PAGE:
ARTS AND CULTURE
In Franklin County, easternmost in the Panhandle, Apalachicola is the best-known city. Once the third-largest port on the Gulf of Mexico, reminders of those halcyon days of steamers and schooners, railroads and lumber mills remain. The city’s historic district has nearly a thousand historic buildings and sites from a bygone era. Along the waterfront, structures that once served as commercial fishing factories and warehouses have evolved into seafood houses and galleries, and old shrimp boats now reside for eternity.
Nearby Cape St. George Lighthouse had been lighting the way for mariners since 1852, until it collapsed into the water in 2005. Now it’s been rebuilt with a new museum. It’s no longer a working lighthouse (blame GPS), but you can’t tell the story of this region without relating the history of this structure.
Panama City has four very interesting neighborhoods in which to roam. Downtown is filled with galleries and arts facilities such as the Martin Theatre, the City Marina, the Visual Arts Center and the CityArts Cooperative. Historic St. Andrews still resembles the quaint fishing village it was in the “old days.” Downtown North serves as the cultural hub of Panama City’s African American community and Millville is named for its once-thriving paper-manufacturing and shipbuilding industries.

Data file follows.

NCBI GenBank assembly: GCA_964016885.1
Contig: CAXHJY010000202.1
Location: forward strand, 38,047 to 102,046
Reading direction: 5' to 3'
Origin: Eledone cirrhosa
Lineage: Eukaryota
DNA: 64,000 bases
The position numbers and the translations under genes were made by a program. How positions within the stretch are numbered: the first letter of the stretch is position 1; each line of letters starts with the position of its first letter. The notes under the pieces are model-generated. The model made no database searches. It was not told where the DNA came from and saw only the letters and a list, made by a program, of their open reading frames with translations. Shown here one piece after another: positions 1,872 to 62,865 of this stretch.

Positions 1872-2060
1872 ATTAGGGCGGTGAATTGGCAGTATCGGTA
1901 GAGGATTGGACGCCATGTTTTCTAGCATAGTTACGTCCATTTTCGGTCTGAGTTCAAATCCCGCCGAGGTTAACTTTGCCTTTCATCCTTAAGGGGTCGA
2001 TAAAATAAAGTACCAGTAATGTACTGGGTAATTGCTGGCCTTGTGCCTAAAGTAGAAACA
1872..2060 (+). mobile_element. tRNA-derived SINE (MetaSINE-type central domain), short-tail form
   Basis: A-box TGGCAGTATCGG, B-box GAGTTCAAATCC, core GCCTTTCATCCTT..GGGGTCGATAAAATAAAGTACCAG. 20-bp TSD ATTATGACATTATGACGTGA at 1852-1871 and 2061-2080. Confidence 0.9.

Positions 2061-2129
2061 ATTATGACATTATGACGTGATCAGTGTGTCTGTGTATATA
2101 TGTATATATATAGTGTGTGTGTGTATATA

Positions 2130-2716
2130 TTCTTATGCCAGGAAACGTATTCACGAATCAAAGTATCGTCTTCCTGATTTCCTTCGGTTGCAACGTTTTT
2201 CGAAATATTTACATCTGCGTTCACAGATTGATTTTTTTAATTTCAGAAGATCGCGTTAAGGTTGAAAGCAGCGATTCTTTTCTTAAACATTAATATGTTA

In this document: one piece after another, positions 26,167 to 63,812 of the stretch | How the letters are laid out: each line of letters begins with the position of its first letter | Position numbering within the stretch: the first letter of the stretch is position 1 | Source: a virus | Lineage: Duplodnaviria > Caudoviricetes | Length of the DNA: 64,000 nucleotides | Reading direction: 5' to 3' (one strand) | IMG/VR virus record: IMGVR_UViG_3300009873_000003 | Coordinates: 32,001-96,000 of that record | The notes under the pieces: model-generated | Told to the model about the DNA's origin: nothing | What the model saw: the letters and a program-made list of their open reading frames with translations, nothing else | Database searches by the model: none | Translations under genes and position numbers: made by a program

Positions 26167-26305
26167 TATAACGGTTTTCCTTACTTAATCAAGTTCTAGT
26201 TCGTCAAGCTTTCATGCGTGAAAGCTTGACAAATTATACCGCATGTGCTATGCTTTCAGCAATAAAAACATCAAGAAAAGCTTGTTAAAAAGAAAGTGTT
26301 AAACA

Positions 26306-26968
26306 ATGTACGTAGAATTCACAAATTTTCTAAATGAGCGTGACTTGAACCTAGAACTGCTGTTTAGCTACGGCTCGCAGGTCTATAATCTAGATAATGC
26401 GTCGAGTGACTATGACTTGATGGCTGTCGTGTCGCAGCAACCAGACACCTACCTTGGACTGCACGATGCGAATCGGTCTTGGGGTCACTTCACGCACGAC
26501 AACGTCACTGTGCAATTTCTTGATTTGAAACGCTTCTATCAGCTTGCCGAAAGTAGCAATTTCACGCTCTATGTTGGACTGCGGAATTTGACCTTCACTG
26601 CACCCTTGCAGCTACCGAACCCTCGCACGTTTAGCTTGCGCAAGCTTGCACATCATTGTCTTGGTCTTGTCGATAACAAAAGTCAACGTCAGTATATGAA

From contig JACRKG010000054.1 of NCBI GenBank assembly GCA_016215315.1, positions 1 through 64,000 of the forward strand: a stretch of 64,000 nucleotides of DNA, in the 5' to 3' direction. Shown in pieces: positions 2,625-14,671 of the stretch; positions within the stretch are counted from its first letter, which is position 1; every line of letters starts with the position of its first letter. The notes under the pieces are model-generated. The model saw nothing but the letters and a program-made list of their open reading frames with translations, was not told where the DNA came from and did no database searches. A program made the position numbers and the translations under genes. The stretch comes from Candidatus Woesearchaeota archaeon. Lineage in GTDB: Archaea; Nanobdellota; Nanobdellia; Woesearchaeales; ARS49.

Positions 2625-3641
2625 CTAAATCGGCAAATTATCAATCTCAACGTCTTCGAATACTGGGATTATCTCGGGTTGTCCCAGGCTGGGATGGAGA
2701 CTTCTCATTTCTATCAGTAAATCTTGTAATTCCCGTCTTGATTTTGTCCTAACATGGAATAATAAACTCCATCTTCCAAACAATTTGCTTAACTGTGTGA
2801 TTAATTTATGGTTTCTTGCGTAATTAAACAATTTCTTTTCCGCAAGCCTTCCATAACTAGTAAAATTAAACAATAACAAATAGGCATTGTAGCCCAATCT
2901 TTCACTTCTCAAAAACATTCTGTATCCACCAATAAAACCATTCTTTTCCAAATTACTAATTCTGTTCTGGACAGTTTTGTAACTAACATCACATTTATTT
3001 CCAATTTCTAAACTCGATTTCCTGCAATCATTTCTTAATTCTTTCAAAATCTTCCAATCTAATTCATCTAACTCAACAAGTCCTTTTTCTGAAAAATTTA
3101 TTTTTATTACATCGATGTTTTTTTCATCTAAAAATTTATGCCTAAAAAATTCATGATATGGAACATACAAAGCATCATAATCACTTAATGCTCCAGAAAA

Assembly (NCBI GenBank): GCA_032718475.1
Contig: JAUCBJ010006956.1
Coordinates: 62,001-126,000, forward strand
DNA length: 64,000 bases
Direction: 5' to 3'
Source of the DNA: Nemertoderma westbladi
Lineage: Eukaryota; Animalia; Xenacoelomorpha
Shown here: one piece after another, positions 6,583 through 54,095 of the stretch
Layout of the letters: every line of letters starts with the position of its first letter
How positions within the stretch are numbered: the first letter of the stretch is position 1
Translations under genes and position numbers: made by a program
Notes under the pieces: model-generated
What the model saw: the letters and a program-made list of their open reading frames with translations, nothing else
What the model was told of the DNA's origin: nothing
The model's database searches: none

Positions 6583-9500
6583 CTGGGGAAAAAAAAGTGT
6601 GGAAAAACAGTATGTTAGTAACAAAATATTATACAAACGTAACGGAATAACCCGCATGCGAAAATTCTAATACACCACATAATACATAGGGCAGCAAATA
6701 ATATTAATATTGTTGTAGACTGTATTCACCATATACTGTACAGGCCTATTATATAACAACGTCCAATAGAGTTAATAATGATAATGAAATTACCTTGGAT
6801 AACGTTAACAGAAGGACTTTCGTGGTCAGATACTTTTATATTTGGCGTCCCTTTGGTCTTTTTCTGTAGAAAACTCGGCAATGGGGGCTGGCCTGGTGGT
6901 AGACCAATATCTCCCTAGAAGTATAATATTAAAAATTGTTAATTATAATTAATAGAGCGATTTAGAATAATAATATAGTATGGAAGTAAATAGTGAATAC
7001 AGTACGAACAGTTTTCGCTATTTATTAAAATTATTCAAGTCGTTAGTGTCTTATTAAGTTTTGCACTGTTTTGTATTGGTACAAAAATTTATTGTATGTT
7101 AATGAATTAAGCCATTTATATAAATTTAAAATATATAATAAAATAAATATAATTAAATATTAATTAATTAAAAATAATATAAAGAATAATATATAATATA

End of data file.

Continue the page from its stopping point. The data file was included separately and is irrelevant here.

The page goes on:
Holmes County has a population of only 20,000, however it boasts one noteworthy historic residence. The Keith Cabin is an authentic 19th-century rural homestead on which William Thomas Keith grew cotton and tobacco . . . and expanded his land holdings from 10 acres to 190.
The Beaches of South Walton are home to a vibrant arts community, anchored by the local Cultural Arts Alliance, and enhanced